The only thing more amazing than a Republican senator blasting a Republican president this badly on something so fundamentally important to our country is the fact that Fox News just cut away mid rant.

    What in two world could Niel Cavvuto have said that was more newsworthy?

    Incredible cut away.

    Incredible rant against Trumps pathetic team.

  3. Yea!!

    And If that ly’in SOB Johnson drops one more bomb on Hanoi, I’m gonna drop some acid and buy a VW Bus.

  4. Re part of resolution:

    “President Trump’s decision to launch the strike without consulting Congress was reckless and yesterday’s classified briefing failed to provide a substantial strategy.”

    Perhaps Trump could have, maybe he did, consult with Congress on this matter but in a very limited way. That would be with ONLY two Republican leaders (McConnell, McCarthy) he could trust. Not a single Democrat could have been trusted to not leak the impending strike to the mostly enemy left wing media which is joined at the hip with the Democrat Party.

    Given the rabid hatred of Trump by the vast majority of Democrats, it would have been reckless of Trump to tell any of them. Their Democrat Party has been trying to get rid of him since the election campaign of 2016 with plots such as the phony Russia collusion charges.

    Incidentally, President Barak Hussein Obama authorized 563 drone strikes in nations such as Somalia, Yemen and Pockyston wherein an estimated 400-800 innocent civilians were killed.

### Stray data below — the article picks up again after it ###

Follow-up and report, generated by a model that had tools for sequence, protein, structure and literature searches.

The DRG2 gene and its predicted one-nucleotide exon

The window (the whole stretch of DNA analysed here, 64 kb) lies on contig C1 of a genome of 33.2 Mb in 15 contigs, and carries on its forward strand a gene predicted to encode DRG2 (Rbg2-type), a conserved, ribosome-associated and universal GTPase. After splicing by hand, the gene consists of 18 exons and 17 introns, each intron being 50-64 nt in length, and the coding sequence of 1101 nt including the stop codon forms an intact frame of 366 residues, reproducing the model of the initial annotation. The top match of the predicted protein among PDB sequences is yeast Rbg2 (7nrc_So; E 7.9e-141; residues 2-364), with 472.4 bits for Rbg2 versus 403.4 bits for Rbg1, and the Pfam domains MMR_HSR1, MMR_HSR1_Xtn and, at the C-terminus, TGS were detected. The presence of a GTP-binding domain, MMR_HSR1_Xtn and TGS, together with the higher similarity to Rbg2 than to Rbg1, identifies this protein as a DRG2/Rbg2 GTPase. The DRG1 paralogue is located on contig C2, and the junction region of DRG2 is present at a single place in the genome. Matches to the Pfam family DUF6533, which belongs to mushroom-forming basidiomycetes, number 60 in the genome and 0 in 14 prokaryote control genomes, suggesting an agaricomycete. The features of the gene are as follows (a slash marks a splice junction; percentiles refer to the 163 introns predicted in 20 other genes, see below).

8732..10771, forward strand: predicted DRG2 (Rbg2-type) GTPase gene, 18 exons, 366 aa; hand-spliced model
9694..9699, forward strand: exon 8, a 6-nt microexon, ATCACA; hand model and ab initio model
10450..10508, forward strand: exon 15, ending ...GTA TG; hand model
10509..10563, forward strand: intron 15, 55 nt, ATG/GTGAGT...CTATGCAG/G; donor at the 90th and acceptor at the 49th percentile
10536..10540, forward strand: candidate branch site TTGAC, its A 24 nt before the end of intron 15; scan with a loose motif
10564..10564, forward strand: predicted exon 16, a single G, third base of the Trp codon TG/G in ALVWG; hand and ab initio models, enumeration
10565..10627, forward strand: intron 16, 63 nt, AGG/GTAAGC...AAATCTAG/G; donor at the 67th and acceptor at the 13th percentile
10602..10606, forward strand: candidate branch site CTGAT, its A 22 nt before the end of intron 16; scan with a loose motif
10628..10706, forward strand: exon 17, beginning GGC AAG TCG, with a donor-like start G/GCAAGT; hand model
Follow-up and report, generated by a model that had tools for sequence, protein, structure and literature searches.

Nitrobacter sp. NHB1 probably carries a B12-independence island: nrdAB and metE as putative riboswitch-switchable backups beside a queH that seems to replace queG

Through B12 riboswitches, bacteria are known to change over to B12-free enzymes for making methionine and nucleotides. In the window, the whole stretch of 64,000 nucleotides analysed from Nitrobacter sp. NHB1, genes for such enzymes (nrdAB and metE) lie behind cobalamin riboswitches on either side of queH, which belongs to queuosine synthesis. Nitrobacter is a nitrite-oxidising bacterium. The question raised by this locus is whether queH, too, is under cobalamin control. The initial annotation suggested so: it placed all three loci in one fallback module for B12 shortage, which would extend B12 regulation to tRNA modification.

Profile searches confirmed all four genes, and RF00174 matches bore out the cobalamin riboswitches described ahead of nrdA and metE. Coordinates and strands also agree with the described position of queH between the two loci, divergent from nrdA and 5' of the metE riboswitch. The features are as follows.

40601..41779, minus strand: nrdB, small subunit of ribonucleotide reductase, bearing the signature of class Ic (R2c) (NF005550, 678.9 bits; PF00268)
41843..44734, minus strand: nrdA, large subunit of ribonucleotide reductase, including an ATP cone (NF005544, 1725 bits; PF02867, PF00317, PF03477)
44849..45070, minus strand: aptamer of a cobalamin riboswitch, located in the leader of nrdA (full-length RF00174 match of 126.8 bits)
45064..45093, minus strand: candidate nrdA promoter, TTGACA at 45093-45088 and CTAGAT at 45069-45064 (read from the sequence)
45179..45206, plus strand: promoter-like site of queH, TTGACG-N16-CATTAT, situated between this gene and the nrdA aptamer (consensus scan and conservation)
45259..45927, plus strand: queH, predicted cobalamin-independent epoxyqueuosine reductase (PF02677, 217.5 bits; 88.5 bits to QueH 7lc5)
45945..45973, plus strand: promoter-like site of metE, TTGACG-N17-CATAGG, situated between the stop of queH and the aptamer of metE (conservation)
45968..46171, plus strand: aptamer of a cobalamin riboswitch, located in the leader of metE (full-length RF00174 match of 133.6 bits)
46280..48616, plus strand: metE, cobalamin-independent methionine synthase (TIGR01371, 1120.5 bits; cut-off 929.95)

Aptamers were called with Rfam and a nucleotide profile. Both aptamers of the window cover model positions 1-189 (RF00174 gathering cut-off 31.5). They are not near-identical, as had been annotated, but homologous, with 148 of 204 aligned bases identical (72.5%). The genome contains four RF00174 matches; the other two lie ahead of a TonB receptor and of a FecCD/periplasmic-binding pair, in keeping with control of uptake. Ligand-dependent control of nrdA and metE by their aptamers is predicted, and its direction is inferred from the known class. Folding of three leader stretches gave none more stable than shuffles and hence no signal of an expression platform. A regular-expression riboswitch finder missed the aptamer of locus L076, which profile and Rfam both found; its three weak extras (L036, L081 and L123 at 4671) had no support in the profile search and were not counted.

5. Under-hood needs a bath.

    But I do agree all the wars since WWII have been unconstitutional as they were never declared by Congress.

  6. Russsia, Stormy, Taxes, Recount, Ukraine, Impeachment, now Terrorist killer as the latest “GET TRUMP” initiative from this bunch.

    My God do they ever do the Peoples work for whom the represent, or just huddle together and snicker about the next topic to devote to getting a duly elected Leader of our Country?

    Were they all dodgeball victims in Junior High and this is all a payback to the Jocks and big mouths who “picked on them”?

    Never seen a more whiny and whimpy bunch of males,females and “other” in a lifetime.

  7. How did these 2 idiots ever get elected???

    Certainly, not by an informed electorate.

  8. Most votes win Jim.

    It’s the crazy concept that was not used to elect Trump.

  9. Just a little legal background.

    “The British model gave the king the absolute power to make war. The American framers repudiated that form of government because their study of history convinced them that executives go to war not for the national interest but to satisfy personal desires of glory, ambition, and fame. The resulting military adventures were disastrous to their countries, both in lives lost and treasures squandered. I have submitted to your subcommittee a number of my recent articles that elaborate on the lessons drawn from that history. (E.g., Louis Fisher, ‘Lost Constitutional Moorings: Recovering the War Power,’ 81 Ind. L. J. 1199 (2006); Louis Fisher, ‘Domestic Commander in Chief: Early Checks by Other Branches,’ 29 Cardozo L.Rev. 961 (2008); Louis Fisher, ‘To War or Not to War: That is Still the Question for Congress, not the President,’ Legal Times, March 10, 2008, at 44-45.)